The country’s traditional herding and agricultural economy has greatly benefited from development of its mining‐sector (per capita GDP in 2014 was estimated at $11,900) and its copper, gold, and coal deposits have been major magnets for FDI . Mongolia during the communist era was dependent on Soviet assistance for one‐third of its GDP. In the early 1990s generous foreign assistance from Western nations, particularly Japan, Germany and the U.S., rescued the nation from deep recession. After Mongolia simultaneously implemented market reforms through extensive privatization and joined the World Trade Organization, it established the foundation for economic growth but ushered in major corruption. GDP growth averaged nearly 9% per year in 2004‐08, a s it reoriented its economy towards FDI in large‐scale mining and benefited from high commodity prices. During the 2008 global financial crisis, Mongolia, simulated by IMF and other loans, strengthened its banking sector and fiscal management. China became Mongolia’s major trade partner and investor during the past 15 years, which caused domestic unease and calls for trade diversification. Out of concern that 90% of Mongolia’s gasoline and diesel fuel was purchased from Russia, the Mongols since 2014 have diversified foreign sup pliers and moved to construct domestic refineries.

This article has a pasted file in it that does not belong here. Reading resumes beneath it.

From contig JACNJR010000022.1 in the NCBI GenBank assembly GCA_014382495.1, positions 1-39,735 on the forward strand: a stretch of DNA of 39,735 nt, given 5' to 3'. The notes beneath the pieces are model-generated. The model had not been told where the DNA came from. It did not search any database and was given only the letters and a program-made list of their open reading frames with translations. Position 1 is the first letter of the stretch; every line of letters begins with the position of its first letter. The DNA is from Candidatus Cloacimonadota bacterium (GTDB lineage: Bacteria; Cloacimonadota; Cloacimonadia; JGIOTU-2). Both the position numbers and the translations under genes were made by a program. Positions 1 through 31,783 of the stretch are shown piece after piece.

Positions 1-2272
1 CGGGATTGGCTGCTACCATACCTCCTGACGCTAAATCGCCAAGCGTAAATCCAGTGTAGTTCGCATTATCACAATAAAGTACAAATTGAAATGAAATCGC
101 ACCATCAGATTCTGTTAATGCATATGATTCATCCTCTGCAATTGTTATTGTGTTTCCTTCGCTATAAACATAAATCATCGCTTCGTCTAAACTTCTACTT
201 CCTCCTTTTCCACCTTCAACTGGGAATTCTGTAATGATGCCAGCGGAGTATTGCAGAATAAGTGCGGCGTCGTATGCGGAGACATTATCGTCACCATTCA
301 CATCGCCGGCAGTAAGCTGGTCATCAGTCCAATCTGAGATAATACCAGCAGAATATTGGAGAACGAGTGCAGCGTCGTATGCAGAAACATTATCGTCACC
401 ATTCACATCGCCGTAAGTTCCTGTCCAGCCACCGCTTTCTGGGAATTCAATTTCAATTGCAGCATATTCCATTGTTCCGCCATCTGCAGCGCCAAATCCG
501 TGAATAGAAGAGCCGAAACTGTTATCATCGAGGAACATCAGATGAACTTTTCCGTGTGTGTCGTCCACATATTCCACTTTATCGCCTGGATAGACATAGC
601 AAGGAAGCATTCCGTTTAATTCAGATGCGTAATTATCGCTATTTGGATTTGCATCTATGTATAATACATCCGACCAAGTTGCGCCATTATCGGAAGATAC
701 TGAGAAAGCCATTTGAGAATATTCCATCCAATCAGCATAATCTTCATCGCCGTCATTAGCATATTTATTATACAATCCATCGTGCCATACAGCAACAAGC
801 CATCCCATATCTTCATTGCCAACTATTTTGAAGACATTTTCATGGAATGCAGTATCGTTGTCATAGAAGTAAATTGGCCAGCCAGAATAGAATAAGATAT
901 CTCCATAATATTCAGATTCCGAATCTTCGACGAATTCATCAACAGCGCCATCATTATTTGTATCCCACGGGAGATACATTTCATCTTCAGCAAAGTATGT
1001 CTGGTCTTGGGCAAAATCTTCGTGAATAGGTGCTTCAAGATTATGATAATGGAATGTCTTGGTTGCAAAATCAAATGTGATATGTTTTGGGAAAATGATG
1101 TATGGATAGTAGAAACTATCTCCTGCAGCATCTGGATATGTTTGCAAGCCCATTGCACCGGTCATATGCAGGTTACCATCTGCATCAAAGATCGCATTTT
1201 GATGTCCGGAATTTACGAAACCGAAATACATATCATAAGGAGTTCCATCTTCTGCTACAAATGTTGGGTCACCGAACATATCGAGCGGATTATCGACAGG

The country’s major economic stimulus has been a 2009 parliamentary investment agreement with a Rio Tinto‐led international consortium to develop OT, a giant copper‐gold deposit. Mongolia’s GDP growth soared to a high of 17.5% in 2011 before beginning its descent. In 2014 growth was 7.8% with OT revenues alone contributing 4.8 percentage points. However, the agreement’s terms and FDI in general have become controversial domestically, causing investment legislation reversals and protracted disputes with foreign investors that have damaged FDI attractiveness. Today Mongolia, with almost a 30% poverty rate, faces loss of investor confidence and a precipitous FDI drop. Slowing Chinese demand for Mongolian minerals and depressed mineral prices together with loose fiscal and monetary policies have weakened the economy, caused high inflation, and deteriorated the currency. Meanwhile, steep repayments for $5.35 billion in outstanding loans loom. Such are the challenges prior to 2016 parliamentary and 2017 presidential elections.
The Way Forward
1) Redefinition of ‘third neighbor’ : This on-going policy was successful politically in allowing the nation to expand ties with democratic nations to both counterbalance Russian and Chinese influence and increase Mongolia’s international profile. However, it failed to prevent a 90% Chinese monopoly over its economy nor to generate sufficient western FDI. Thus Mongolia is expanding and redefining its “third neighbor” definition to emphasize India, Turkey, Persian Gulf nations, Vietnam, and even Iran to diversify its mineral trade partners and find new sources of energy and consumer goods.